Author(s): Meyer WW, Lind J, Yao AC, Kauffman SL
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Abstract Arterial lesions appear in the human vascular system early in life. In some predisposed arterial segments calcifications of the internal elastic sheets have regularly been demonstrated macroscopically in infancy and early childhood. Atherosclerotic lesions also begin in childhood, and the seeds of their later clinical manifestations are probably sown in infancy. Hyperlipemia, hypertension, and cigarette smoking represent the major risk factors of atherosclerosis and its premature development. Accordingly, the main task of pediatricians is early identification of the risk groups and their appropriate treatment, particularly of children with hyperlipoproteinemia type II and those with family history indicating a premature atherosclerotic event, hypertension, and diabetes mellitus. In most populations, however, elevated serum cholesterol levels are probably not caused by genetically determined metabolic disorders but mainly promoted by environmental factors, such as nutrition. Therefore, establishment of beneficial nutritional habits early in life may prevent the development or at least limit the extent of fatty streaks and their further transformation into fibrous plaques or more advanced atherosclerotic lesions. The education of the community, especially of parents, to the hazards of the cardiovascular risk factors must become an essential part of preventive programs directed to sound cardiovascular health. The wide individual variation of the extent of early lesions, e.g., of fatty streaking in childhood even in most homogeneous population subgroups, points to the existence of still undiscovered risk factors. Cooperative efforts between pediatric pathologists and pediatricians appear, therefore, a necessity for further progress in the evaluation of these factors and for establishing successful preventive programs.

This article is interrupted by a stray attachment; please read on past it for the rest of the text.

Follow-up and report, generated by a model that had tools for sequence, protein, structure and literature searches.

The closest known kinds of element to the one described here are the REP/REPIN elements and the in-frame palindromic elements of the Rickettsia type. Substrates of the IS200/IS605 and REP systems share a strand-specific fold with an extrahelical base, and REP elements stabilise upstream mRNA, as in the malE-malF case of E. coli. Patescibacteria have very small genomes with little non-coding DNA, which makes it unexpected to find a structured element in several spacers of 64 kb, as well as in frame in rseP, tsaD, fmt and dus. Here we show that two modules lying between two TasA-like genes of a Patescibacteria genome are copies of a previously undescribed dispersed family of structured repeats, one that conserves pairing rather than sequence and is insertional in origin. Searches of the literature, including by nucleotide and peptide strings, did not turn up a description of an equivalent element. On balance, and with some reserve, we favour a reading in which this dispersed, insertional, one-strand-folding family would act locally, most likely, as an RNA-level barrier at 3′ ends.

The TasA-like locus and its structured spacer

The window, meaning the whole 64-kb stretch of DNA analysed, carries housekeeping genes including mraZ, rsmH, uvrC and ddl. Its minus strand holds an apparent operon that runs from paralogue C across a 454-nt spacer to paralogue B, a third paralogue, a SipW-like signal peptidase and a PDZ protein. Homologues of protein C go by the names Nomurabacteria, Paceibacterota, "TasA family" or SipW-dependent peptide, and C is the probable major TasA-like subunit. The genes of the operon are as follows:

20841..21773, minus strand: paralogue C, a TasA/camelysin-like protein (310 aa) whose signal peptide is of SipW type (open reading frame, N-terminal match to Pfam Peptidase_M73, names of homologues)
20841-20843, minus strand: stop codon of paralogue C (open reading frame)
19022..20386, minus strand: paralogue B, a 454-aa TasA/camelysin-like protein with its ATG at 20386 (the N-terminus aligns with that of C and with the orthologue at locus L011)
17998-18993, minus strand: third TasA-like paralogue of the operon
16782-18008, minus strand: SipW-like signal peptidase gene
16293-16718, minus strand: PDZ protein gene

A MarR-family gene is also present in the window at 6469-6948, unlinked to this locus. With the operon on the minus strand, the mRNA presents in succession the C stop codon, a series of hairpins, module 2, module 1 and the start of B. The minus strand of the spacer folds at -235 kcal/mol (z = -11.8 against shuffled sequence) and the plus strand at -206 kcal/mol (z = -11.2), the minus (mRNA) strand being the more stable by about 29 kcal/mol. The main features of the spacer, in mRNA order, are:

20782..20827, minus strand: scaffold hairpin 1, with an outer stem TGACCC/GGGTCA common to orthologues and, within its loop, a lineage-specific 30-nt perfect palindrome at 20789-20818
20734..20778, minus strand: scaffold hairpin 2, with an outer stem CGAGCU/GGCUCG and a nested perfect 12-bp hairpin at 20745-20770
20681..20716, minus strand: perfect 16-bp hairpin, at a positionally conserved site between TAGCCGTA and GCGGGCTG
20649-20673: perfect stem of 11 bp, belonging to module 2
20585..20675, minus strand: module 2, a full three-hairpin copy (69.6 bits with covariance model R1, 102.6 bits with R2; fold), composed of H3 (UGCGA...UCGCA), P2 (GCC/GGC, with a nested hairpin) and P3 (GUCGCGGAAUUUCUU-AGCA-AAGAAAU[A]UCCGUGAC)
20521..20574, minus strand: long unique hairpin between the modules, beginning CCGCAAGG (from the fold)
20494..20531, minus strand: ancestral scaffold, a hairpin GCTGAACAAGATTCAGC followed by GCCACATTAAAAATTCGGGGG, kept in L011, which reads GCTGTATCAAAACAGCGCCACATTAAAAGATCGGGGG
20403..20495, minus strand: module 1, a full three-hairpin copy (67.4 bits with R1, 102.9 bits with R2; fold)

This article was published in Paediatrician
and referenced in Advanced Practices in Nursing